FIG. 6 shows the main part of another embodiment of a reagent containing chamber in accordance with the present invention. The embodiment of FIG. 6 has no reagent disk in the reagent containing chamber 80. In the reagent containing chamber 80, there are placed a lot of reagent bottles 4a to 4n, and each of the reagent bottles corresponds to each of tubes 84a to 84n of which an end is inserted into the corresponding reagent bottle. The reagent liquids are delivered to reaction containers 30 allocated respective analysis items through the tubes 84a to 84n and reagent delivering tubes 85a to 85n by operation of syringes 28a to 28n.
In the box-type reagent containing chamber 80, a pair of sealing covers 81, 82 are attached. Each of the covers 81, 82 has a projection 86, and when the reagent containing chamber 80 is closed with the cover, an opening/closing detector 87 detects the projection 86 and transmits a signal indicating closing of the cover to a control device 90. Functions of a purge gas supply device, an input device 8, and a display 25 are the same as in the embodiment of FIG. 2. A gas injecting nozzle 83 for supplying purge gas is connected to the reagent containing chamber 80.
Information on reagents affected by carbonic acid gas is registered in advance, reagent information on reagent bottles contained in the reagent containing chamber 80 is checked against the registered information. Based on the checking result, the control device 90 judges whether or not there is any reagent bottle corresponding to the registered information. After the control device 90 receives both the information on existence of the corresponding reagent bottle and a signal of the cover closed form the detector 87, the control device 90 allows the purge gas to flow into the reagent containing chamber 80 through the gas injection nozzle 83.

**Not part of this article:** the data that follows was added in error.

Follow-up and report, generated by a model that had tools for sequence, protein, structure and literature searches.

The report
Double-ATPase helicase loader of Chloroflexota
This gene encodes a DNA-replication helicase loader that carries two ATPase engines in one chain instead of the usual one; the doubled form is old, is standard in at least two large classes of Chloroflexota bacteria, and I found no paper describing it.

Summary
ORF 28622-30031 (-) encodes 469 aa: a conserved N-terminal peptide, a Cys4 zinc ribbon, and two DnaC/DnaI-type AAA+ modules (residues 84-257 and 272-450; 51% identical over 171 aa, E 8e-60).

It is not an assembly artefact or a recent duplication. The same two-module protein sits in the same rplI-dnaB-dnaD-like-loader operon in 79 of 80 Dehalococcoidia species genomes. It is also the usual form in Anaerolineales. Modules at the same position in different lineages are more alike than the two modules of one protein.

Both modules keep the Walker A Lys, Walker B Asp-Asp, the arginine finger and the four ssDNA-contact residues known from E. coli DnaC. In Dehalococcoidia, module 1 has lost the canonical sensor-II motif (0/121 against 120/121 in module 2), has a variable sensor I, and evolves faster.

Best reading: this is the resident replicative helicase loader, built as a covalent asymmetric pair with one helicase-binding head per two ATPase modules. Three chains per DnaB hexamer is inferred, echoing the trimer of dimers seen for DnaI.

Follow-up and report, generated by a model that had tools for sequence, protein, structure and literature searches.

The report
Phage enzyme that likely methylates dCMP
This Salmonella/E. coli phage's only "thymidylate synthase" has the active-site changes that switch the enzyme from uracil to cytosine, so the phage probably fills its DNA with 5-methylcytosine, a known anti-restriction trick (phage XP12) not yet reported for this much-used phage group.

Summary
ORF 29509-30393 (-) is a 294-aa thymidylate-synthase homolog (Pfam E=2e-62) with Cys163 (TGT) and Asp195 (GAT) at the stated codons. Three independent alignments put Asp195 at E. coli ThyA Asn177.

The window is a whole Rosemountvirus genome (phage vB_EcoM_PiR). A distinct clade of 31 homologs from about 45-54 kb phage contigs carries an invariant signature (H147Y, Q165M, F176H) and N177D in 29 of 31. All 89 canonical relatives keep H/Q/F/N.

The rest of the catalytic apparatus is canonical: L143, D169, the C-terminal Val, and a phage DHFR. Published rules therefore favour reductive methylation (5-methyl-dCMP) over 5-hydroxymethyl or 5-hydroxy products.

FIG. 7 shows an embodiment where a gas injection nozzle 40 is held by a pipetter arm 42 instead of the gas injection nozzle 24 of FIG. 2. In this embodiment, in addition to supplying purge gas to the reagent containing chamber 5 through the gas introducing passage 10, purge gas is injected from the gas injection nozzle 40 during reagent pipetting operation using the nozzle 2.
Without applying the present invention, calibration operation of measuring a calibrator has to be performed in the frequency of once per 2 hours in regard to an analysis item using a reagent affected by carbonic acid gas. By applying the present invention, the frequency of calibration operation is reduced to once a week. Therefore, the consumed amount of a reagent and a sample for calibration can be decreased and analysis time can be reduced.
|Cited Patent||Filing date||Publication date||Applicant||Title|
|US3901656 *||20 Mar 1974||26 Aug 1975||American Monitor Corp||Apparatus and method for preparing and presenting serum chemistries for analyzation|
|US4455280 *||2 Feb 1982||19 Jun 1984||Olympus Optical Co. Ltd.||Apparatus for preserving liquid in automatic analyzer|
|US5039614 *||15 Jun 1990||13 Aug 1991||Armenag Dekmezian||Method and apparatus for collecting samples for analysis of chemical composition|
|US5051238 *||17 Nov 1988||24 Sep 1991||Hitachi, Ltd.||Automatic analyzing system|
|US5156809 *||16 Sep 1991||20 Oct 1992||Hewlett Packard Company||Apparatus for the stepwise performance of chemical reactions|
|US5171531 *||3 Apr 1991||15 Dec 1992||Hewlett-Packard Company||Apparatus for automatic delivery of a vial to an automated sampling system|
|US5343770 *||29 Jul 1991||6 Sep 1994||Shimadzu Corporation||Automatic sample introducer for analyzer|
|JPH04305157A *||Title not available|
|JPH04326063A *||Title not available|
|1||JJCLA, vol. 16, No. 2, 1991, "Enzymatic Assay of Serum Total C02 in Air", Yamamoto et al, pp. 121-125.|
|2||*||JJCLA, vol. 16, No. 2, 1991, Enzymatic Assay of Serum Total C02 in Air , Yamamoto et al, pp. 121 125.|
|Citing Patent||Filing date||Publication date||Applicant||Title|
|US6576477 *||11 Jan 2000||10 Jun 2003||Hitachi, Ltd.||Method for pipetting solution, and a pipetting apparatus using the same|
|US6605213||27 Nov 2000||12 Aug 2003||Gen-Probe Incorporated||Method and apparatus for performing a magnetic separation purification procedure on a sample solution|
|US6764649||4 Apr 2001||20 Jul 2004||Gen-Probe Incorporated||Transport mechanism|
|US7250303||28 Jun 2002||31 Jul 2007||Ortho-Clinical Diagnostics, Inc.||Chemistry system for a clinical analyzer|
|US7439076 *||30 Jun 2000||21 Oct 2008||Hitachi, Ltd.||Liquid dispensing method and device|
|US7666602||25 Oct 2007||23 Feb 2010||Gen-Probe Incorporated||Method for agitating the fluid contents of a container|
|US7666681||23 May 2005||23 Feb 2010||Gen-Probe Incorporated||Method for agitating the fluid contents of a container|
|US7727469 *||13 Apr 2004||1 Jun 2010||Hitachi High-Technologies Corporation||Automatic analyzer|
|US7794659||10 Mar 2006||14 Sep 2010||Gen-Probe Incorporated||Signal measuring system having a movable signal measuring device|